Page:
• One of the most awkward things about letting property is working out whether to increase your rent for an existing tenant.

    Legally, you can only do this once the fixed term has ended, unless you have inserted a clause in the tenancy agreement stating there will be a rent review or that the rent will rise by X from a certain date.

    If the tenancy is periodic (rolling on from month to month) you must give the tenant a month’s notice of any increase and you can only raise the rent once every 12 months unless the tenant agrees to more frequent increases.

    Of course, if you want to increase the rent more often than once a year (which I wouldn’t advise) and the tenant doesn’t agree, you could give them two months’ notice to leave, by issuing a Section 21 notice, and look for a new tenant prepared to pay more.

    Personally, if I had a rock-solid tenant, I wouldn’t even consider raising the rent if it meant I’d risk losing them, unless I was forced to because of increasing costs. Sadly, a number of landlords will be looking to increase rents this year due to the more punitive taxes they face from April 2017.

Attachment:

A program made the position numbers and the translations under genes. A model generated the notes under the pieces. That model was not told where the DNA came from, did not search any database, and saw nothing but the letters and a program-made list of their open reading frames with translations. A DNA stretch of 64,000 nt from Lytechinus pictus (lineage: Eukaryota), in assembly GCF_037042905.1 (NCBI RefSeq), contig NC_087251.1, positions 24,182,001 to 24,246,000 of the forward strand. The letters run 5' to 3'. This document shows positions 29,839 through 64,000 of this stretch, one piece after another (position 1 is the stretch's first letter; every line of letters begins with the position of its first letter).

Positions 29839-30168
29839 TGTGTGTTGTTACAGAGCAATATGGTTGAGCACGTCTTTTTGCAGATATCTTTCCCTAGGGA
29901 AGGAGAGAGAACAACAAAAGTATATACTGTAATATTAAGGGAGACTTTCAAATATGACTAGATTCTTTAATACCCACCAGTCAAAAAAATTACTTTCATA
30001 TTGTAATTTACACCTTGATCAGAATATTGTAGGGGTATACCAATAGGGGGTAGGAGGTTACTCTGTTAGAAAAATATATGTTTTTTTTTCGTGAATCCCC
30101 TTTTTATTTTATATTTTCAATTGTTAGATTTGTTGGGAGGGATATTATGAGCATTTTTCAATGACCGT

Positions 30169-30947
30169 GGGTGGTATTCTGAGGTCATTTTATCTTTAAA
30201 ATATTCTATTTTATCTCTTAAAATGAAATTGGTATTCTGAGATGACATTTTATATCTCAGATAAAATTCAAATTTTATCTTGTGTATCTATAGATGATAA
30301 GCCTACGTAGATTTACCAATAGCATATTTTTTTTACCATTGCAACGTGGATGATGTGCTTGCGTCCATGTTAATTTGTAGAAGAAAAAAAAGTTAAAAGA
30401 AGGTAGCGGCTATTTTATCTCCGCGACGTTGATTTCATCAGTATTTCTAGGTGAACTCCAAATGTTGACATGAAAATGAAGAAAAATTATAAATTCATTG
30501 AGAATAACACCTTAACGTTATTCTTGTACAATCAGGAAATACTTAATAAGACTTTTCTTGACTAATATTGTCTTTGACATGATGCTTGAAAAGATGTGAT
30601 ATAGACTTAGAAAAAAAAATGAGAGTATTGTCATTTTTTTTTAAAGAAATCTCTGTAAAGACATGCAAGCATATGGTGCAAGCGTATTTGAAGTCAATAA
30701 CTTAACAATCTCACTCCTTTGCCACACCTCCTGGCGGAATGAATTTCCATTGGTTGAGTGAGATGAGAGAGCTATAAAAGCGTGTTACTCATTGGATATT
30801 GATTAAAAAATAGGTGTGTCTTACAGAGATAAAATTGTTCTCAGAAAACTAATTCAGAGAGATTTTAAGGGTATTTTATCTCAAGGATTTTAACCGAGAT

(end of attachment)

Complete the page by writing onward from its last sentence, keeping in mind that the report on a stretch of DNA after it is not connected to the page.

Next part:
However, if raising the rent is likely to mean you’ll lose the tenant, it’s worth considering the cost and hassle of re-advertising the property, paying for check-in and check-out reports and any costs to freshen up the place to attract new tenants, plus the cost of any void before you go ahead.

    Don’t forget that if you use a letting agent you’ll also have extra commission to pay if they have to replace the tenant.

    Before proposing raising the rent to your tenant, it’s best to find out whether rents in your area have risen and by how much and work out how much rent you might expect to achieve if your tenant left and you had to find a new one.

    When discussing raising the rent with your tenant, it will help to show them examples of other rents in the area.

    Of course, existing tenants will also face additional costs if they decide to move so they might agree to a rent increase to avoid the cost and hassle of leaving, but if they feel forced into paying too much by a greedy landlord, you might find your relationship with them is less than comfortable, so it’s always best to keep the rent reasonable.

    When you do decide to increase the rent, you can either issue the tenant with a new tenancy agreement or, if the tenancy is periodic,you must issue a SECTION 13 FORM notifying them of the increase.